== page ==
Second, review your history and jot down some notes about your condition, your symptoms, and how these are affecting your day-to-day life. You are not a doctor, so you don’t need to have a physician’s insight into your medical condition, but you are the one who lives with your injury or disability every day, and only you can describe your experience. Don’t exaggerate or falsify things, but be prepared to let down your usual strong demeanor. For example, if you are having flashbacks and find yourself drinking to excess to avoid your thoughts, that is a part of a PTSD claim. If you have insomnia, a shortened temper with your family, and can’t do your usual work or leisure activities as you used to, these are important to mention. Bring your notes to your C&P exam, so you don’t forget things.

Third, consider bringing your spouse or other close friend or family member. The decision on whether or not to allow them in the exam room with you is up to the C&P examiner, but it might be helpful for a couple of reasons. Sometimes a spouse, in particular, is more acutely aware of some symptoms than the veteran is, and it can also help you remember some things. The C&P examiner will be speaking primarily to you – don’t think your spouse can speak for you – but it might be helpful even to have moral support.

Fourth, remember that although a C&P exam is critically important to processing a VA disability claim (failure to appear for a scheduled C&P exam may result in denial of the claim), there is no need to stress over it. This is part of the fact-finding process for the VA. If you are being truthful in the information you provide all along the way and then fill in some blanks with the C&P exam, the VA is in a much better position to fairly assess the existence of a service-connected disability and rate its severity.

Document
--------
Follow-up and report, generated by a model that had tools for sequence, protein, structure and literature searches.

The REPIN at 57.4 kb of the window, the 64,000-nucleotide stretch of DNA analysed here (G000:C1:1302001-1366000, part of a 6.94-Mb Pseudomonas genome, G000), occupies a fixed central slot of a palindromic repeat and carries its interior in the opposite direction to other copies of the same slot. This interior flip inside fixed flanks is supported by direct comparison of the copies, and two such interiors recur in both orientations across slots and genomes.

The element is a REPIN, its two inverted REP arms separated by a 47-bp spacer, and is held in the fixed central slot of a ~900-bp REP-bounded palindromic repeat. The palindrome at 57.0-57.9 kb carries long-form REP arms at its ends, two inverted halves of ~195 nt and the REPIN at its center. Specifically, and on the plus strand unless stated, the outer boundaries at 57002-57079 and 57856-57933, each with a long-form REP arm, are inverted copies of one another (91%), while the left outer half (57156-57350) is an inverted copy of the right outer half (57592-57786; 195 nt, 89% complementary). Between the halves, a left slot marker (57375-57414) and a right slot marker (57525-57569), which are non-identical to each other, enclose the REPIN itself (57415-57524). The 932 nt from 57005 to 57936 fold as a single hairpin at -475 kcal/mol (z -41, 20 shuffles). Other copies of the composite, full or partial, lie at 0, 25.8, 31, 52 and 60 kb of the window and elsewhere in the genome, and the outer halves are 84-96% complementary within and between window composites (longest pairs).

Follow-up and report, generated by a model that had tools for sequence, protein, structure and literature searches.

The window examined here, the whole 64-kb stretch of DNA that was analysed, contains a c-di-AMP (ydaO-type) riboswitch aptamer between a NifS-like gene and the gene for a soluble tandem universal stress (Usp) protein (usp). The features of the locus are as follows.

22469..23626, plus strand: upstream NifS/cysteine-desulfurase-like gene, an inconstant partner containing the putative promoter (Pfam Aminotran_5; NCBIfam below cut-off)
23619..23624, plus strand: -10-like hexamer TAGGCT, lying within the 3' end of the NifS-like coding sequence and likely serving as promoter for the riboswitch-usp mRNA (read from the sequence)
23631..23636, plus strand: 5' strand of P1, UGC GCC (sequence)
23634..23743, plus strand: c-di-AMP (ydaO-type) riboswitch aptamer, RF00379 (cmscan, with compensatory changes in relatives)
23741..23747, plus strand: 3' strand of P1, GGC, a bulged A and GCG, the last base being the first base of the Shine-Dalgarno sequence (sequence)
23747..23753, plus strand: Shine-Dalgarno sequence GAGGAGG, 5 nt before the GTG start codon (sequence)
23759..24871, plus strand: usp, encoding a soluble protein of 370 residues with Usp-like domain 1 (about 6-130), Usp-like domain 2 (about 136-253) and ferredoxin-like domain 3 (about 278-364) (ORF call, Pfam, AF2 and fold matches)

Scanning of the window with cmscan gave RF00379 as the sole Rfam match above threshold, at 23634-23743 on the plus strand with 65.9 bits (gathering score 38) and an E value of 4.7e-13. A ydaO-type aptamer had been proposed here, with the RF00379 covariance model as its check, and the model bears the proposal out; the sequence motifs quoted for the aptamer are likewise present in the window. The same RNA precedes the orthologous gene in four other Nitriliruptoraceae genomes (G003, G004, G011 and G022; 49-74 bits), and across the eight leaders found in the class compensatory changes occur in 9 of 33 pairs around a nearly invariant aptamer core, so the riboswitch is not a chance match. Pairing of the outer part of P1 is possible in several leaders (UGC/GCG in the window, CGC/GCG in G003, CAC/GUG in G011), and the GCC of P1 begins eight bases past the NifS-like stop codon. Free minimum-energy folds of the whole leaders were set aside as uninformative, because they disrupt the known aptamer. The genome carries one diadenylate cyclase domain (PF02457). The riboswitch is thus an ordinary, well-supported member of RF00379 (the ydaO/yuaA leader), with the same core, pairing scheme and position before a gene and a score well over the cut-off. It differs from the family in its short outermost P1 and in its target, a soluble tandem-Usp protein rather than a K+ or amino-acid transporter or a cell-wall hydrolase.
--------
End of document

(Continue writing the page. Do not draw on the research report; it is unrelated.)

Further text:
Fifth, there is always an appeal process even if something goes sideways during a C&P exam or if the resulting report contains something not valuable for your disability claim. Supplemental examinations can be held by an independent doctor or another C&P set by the VA. The VA does its best to make a determination on VA disability benefits based upon a fully developed medical record.

Is it possible to appeal the results of a C&P exam?

You cannot directly appeal the “results” (or the report) of a C&P exam. However, you can appeal the results in the Rating Decision that is based upon any C&P exam report and the rest of the contents of your disability file. This appeal must be filed within one year of the date of the Notice of Decision letter.

The general reasons for appeal are either to contest an outright denial of disability claims or an underrated disability. The VA has two decisions to make that will be detailed in that Notice of Decision: (1) does the veteran have a service-connected disability; and, if so, (2) what is the severity of that disability (rated on a scale of 10-100% in increments of 10). Either portion of this may lead to various arguments for review on appeal. Maybe the VA agrees that the veteran has a disability but doesn’t have sufficient facts to link the disability to their military service. Perhaps the VA decided you only have a 10% disability, but you think it is more substantial.

Fortunately, you can hire a lawyer to assist you with an appeal of a disability decision, a lawyer that only gets paid after the appeal is completed. A law firm with extensive experience with VA disability claim appeals will be best because they understand the intricacies of what mistakes may have been made in the initial decision and what is needed to correct them.


Veterans Law Group has been helping veterans like you handle appeals of VA claim decisions for almost three decades. Our lawyers do nothing but VA disability claim appeals and have an enviable track record of getting excellent outcomes for our clients. Contact us for a free analysis of whether you may have grounds to appeal an adverse or insufficient decision on your disability claim.